About Merit Selection, Appointing Authority, and Accountability
The merit selection system involves nonpartisan commissions that review the qualifications of applicants for judicial office. Applicants provide the appropriate commission with extensive information about their education, professional career, and qualifications. In addition, each commission conducts interviews of candidates. Once the commission screens and interviews applicants, it forwards a slate of nominees to the appropriate appointing authority, often the governor, who makes the final appointment.
Iowa voters replaced the process of selecting judges by popular vote with a merit selection and retention election process by passing a Constitution Amendment in 1962. The process for selecting judges is set out in the Iowa Constitution and in the Iowa Code, a compilation of Iowa laws that is published every two years.
- The Iowa Constitution (Amendment of 1962)
- Iowa Code Chapter 46 (PDF)
- Iowa Code Chapter 602.6304 (PDF)
- Signed Uniform Rules (PDF)
Merit selection focuses on the professional qualifications of applicants—experience, legal skills and knowledge, and judicial temperament. The process eliminates the need for judicial candidates to finance political campaigns—which usually involve accepting substantial sums of money from special interest groups or individuals seeking favorable court decisions—thereby maintaining an independent, fair, and impartial judiciary.
Merit selection promotes the selection of the most qualified applicants and continues to ensure Iowa has fair and impartial judges who are accountable to the public.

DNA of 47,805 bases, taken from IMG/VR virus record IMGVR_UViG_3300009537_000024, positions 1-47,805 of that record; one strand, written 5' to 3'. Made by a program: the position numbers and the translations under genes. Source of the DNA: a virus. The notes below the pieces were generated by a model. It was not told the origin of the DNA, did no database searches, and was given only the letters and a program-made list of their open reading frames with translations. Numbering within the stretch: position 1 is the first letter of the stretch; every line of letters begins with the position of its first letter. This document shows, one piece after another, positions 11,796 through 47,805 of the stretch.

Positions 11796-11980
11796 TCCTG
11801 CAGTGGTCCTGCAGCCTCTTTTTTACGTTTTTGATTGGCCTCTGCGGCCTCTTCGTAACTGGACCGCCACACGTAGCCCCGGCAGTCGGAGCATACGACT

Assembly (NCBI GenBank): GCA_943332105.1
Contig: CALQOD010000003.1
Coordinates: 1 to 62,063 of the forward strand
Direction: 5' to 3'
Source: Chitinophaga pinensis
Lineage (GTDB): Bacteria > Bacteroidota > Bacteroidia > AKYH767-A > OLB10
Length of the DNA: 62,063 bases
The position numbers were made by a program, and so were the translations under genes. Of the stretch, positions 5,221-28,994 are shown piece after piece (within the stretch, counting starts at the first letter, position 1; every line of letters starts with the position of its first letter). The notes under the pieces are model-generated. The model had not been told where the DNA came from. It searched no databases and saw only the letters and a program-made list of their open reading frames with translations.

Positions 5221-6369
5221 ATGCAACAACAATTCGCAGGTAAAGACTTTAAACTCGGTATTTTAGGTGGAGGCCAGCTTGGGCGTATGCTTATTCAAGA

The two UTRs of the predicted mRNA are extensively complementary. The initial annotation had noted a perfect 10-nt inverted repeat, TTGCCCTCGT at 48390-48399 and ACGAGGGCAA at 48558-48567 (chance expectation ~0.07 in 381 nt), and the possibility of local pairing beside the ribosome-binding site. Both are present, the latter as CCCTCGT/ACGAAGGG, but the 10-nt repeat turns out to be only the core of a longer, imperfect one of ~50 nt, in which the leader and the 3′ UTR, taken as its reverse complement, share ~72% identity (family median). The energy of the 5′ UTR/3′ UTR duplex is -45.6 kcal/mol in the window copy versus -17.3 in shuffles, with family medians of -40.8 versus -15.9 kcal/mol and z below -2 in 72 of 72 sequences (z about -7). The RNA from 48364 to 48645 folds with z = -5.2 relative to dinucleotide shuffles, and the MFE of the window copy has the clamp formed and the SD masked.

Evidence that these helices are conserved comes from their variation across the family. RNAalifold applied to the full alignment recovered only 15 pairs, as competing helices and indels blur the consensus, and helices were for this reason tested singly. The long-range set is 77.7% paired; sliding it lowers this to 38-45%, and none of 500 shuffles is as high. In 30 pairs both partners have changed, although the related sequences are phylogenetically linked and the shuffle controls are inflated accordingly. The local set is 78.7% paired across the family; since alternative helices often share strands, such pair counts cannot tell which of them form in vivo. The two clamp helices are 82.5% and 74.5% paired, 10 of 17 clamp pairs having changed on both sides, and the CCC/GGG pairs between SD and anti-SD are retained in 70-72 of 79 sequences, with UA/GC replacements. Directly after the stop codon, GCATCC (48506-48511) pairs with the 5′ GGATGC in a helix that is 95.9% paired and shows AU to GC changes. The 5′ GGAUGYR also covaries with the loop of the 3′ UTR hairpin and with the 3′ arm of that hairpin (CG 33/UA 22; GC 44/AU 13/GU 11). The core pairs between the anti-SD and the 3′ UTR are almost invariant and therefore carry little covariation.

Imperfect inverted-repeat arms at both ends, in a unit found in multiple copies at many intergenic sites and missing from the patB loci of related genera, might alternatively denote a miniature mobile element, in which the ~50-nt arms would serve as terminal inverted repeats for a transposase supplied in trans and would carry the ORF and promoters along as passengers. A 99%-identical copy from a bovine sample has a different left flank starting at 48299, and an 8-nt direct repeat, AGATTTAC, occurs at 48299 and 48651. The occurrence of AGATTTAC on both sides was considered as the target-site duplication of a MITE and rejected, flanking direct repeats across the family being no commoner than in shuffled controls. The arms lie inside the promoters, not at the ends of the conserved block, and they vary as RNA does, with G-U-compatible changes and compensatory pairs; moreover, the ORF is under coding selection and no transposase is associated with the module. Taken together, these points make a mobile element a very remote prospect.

Although no judicial selection system is completely free of politics, a process using merit selection and retention elections:
- Curbs the influence of partisan politics and special interest groups in the selection of Iowa’s judges.
- Emphasizes the selection of judges based upon their professional qualifications.
- Gives voters the final say about who serves as a judge.
- Is the most effective way to ensure fair and impartial courts.
The appointing authority reviews the commission’s nominees before appointing the judicial officer. The authority varies according to the type of judgeship.
The governor appoints:
- Supreme court justices
- Court of appeals judges
- District judges
The district judges appoint:
- Associate judges for a judicial district
The Magistrate Appointing Commission appoints:
- Magistrate judges
How are courts accountable?
Our system of government is carefully designed to foster fair and impartial courts while maintaining judicial accountability through a series of checks on judicial power.
- If a party in a case believes a judge made an error in a case, the party may appeal to a higher court to review the judge’s ruling.
- If citizens disagree with a court’s interpretation of a law, they may petition the legislature to amend the law and change the law’s effect in the future.
- If citizens disagree with a court’s interpretation of the constitution, they have the ultimate power to amend the constitution to change its effect in the future.
- If a person thinks a judge has behaved unethically, the person may ask the Judicial Qualifications Commission to investigate.
In these ways, courts are accountable to the laws, to the Iowa Constitution, and to the people.